In my experience there are two general types of multiple-encounter dungeons in dungeon-crawls. Logical and Magical dungeons. I could call these Logical and Illogical but generally speaking players accept 'a wizard did it' pretty readily when encountering what would otherwise be a pretty illogical dungeon construction. More on this later.
A Logical dungeon is a dungeon that makes a lot of sense to exist all on its own. Examples being things like caverns filled with bats, temples filled with priests, and prisons filled with guards and prisoners. These types of dungeons are often pretty short and simple, because they can have a tendency to become boring or deadly if too large.
A Logical dungeon is not the kind of place that's populated with puzzle rooms, riddle spitting sphinxes, or gargoyles that speak only lies or truths. Instead, these dungeons will be filled with natural puzzles, monsters that fit into the scenery of the dungeon and sense that there are reasons for things that exist in the dungeon.
The PCs might be fighting tree-dwelling elves over a magical item. The dungeon could then be the connected tree-tops of the elves' city. You would encounter things like soldier elves at choke points, bridges that have been cut down to bar their path, released animals, and ambush style traps. In this case, starting with a city layout that was built with defense in mind will increase the realism. Laying in elements that make the city come to life, such as uses for the buildings the PCs travel through (inns, stores, barracks, religious centers, homes) and a lack of encounters that don't make sense to exist in the tree-tops, will all come together to create a believable dungeon to crawl.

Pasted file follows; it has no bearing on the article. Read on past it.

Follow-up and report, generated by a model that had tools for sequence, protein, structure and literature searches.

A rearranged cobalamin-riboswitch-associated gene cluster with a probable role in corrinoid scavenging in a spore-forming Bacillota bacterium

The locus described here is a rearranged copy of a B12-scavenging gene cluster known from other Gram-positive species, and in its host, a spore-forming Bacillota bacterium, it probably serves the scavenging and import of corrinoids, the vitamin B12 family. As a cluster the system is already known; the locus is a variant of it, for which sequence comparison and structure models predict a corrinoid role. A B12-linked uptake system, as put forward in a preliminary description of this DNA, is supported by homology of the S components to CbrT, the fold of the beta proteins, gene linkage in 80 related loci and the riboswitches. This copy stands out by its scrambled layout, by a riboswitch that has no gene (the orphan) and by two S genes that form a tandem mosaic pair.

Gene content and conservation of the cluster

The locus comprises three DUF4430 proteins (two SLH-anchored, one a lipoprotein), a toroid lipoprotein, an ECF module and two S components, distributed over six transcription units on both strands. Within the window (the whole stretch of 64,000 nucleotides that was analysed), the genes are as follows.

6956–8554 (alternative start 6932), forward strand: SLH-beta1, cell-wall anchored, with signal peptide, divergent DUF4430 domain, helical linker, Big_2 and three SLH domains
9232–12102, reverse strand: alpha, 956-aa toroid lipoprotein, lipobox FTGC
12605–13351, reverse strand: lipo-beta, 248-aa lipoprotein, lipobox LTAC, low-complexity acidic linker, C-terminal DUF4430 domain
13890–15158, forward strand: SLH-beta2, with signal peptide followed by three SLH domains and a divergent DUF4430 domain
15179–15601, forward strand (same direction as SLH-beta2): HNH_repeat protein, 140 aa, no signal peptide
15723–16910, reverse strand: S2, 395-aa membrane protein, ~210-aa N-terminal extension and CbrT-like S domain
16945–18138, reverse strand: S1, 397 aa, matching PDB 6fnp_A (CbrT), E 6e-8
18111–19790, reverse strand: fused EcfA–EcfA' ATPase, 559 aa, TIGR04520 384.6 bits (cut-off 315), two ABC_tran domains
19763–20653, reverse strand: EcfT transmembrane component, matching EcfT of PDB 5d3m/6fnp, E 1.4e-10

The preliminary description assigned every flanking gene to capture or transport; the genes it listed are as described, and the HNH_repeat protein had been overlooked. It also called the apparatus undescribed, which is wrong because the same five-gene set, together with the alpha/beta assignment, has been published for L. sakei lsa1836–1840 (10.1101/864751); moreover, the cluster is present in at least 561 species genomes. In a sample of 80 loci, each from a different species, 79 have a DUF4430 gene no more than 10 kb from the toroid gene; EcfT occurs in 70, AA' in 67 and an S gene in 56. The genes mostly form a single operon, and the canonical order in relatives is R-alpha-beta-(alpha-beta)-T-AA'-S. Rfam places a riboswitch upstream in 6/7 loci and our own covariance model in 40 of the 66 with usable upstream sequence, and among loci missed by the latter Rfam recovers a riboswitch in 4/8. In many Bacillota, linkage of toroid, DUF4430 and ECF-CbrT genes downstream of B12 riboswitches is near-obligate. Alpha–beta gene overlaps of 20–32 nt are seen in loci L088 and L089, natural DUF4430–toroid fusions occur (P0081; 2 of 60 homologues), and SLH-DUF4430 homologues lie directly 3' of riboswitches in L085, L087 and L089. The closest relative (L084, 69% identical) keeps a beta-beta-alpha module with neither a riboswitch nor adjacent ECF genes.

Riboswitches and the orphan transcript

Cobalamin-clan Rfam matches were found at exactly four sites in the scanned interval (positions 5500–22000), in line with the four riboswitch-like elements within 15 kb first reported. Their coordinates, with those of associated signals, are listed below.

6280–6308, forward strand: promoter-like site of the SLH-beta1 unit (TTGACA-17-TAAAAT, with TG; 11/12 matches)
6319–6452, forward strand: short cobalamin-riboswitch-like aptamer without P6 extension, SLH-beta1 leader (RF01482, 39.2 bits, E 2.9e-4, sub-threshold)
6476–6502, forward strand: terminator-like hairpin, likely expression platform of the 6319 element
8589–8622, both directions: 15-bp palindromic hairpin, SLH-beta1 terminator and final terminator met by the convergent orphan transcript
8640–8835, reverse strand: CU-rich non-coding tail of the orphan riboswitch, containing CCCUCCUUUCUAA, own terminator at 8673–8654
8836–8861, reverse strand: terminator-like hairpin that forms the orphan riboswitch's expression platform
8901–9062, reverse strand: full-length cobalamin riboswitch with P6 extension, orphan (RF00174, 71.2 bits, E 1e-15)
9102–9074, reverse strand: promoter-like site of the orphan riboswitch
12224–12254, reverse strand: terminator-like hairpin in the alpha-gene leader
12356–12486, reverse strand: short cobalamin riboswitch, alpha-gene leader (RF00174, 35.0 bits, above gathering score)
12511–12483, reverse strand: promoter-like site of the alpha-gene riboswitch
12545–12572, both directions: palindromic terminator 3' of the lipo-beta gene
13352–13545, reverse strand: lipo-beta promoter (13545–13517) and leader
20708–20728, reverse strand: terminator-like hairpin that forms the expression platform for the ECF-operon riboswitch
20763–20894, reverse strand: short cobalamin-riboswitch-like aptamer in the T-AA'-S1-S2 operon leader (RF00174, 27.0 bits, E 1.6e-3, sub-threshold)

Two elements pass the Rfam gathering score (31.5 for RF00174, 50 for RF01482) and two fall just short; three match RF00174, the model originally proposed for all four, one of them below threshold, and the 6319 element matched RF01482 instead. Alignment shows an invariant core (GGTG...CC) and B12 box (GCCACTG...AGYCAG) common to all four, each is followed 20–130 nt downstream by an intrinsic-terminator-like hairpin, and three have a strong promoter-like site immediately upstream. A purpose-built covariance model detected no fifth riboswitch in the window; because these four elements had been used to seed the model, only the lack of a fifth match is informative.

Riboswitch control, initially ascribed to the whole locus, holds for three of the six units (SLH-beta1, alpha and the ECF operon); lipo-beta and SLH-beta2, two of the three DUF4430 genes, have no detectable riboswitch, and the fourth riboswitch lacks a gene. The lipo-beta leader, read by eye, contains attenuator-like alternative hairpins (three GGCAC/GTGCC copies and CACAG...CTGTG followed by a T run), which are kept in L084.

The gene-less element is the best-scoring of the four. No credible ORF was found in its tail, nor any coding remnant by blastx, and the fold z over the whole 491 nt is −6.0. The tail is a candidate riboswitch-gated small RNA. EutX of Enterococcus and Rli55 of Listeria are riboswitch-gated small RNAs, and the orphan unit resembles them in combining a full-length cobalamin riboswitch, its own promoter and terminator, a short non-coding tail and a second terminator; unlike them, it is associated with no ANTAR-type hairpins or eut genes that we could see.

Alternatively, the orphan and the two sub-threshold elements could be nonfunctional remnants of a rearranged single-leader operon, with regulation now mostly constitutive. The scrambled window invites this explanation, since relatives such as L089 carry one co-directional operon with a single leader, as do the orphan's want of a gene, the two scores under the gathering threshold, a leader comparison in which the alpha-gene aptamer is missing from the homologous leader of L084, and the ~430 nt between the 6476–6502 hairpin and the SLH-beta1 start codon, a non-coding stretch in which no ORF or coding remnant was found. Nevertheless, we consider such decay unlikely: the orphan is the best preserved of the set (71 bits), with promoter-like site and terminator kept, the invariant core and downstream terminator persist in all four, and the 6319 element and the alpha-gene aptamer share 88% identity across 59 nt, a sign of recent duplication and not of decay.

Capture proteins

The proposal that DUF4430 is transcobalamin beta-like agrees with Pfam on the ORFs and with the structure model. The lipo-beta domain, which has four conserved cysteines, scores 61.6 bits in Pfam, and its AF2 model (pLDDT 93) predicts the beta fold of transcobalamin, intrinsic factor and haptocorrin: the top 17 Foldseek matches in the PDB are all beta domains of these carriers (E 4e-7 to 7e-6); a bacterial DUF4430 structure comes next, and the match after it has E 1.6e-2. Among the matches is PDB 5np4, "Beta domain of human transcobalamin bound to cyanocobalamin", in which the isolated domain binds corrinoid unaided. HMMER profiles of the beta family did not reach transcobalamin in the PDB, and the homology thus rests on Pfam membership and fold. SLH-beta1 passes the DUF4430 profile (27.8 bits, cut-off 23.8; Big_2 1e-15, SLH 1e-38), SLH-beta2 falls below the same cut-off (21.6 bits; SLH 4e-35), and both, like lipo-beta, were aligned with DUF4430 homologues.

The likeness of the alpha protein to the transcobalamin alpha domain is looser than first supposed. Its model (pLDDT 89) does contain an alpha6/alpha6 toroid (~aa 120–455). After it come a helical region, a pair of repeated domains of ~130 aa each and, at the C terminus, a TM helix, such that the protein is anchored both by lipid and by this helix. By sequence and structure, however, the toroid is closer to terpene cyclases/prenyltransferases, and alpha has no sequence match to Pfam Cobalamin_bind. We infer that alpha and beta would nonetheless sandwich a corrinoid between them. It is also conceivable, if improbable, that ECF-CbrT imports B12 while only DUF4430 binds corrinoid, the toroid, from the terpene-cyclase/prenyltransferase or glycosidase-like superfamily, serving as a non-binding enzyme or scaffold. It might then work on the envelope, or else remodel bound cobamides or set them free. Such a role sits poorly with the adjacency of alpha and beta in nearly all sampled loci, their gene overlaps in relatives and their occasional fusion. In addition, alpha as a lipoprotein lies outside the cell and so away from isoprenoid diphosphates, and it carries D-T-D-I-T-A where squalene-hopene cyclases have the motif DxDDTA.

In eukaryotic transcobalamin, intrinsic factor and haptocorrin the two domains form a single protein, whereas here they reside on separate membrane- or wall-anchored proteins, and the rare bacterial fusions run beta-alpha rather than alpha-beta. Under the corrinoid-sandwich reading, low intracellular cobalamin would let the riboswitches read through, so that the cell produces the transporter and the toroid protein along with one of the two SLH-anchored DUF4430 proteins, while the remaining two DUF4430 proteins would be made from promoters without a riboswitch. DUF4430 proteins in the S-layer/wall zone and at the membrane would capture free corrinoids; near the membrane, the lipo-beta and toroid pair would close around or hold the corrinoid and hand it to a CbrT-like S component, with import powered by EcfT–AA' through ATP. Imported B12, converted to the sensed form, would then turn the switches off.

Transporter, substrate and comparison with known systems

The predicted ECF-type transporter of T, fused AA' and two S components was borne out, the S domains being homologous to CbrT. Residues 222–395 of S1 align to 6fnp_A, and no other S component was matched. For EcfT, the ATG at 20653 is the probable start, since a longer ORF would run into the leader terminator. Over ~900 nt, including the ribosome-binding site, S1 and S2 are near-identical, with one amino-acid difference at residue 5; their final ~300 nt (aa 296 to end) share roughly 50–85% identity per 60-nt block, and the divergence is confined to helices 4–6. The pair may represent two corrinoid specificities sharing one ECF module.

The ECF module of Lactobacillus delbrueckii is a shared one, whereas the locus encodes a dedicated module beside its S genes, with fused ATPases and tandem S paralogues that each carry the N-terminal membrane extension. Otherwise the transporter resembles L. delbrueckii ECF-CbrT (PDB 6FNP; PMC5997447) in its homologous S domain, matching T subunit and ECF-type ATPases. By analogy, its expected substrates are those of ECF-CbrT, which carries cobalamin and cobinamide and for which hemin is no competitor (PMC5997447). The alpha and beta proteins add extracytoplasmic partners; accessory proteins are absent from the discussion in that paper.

Conversely, Magical dungeons are intentionally fantastic and unbelievable in their arrangement and construction. They don't have to make logical sense. It is probably a bad idea for every dungeon that the PCs visit to be like this, but every once in a while it is good. These are often what people classically think of when they think of a dungeon.
Do you have a room that is totally isolated from the outside world by a magical puzzle, yet is somehow filled with living creatures? You've got a magical dungeon.
To sell this type of dungeon you need a wizard or other magic user that probably is somewhat mad and absolutely has too much time on their hands. These dungeons are built to be solved. They are built to reward adventurers for little reason beyond boredom on the part of the creator. These are the dungeons that are filled with chests containing magic items which are being guarded by strange creatures. Why are the items here? Why are the creatures? Who knows. Why is there an ogre buried deep in a mountain alone who only wants to present people with logic puzzles? Why is there a room with magically moving platforms that hover over lava? Why are there random gates to distant realms pouring eldritch horrors into corridors? Because it was funny and the mad wizard just wants to be entertained and had these swords of lightning just laying about anyway.
These two basic types of dungeons can be combined. Sometimes, the Magical dungeon has been mostly explored, the remnants of solved puzzle rooms being recently used by bands of orc raiders, or tunneling beasts have broken into sections of the dungeon from outside. In these cases it is important to remember that while the maddened construction of the Magical dungeon itself doesn't need to follow any real logic, the later usages of the spaces do need to be logical.
The converse is also true. Sometimes a natural cavern is co-opted for use as a Magical dungeon. The caves might be filled with floating magical platforms that can only be stood on for 6 seconds before vanishing, but the natural pools of water should appear as such.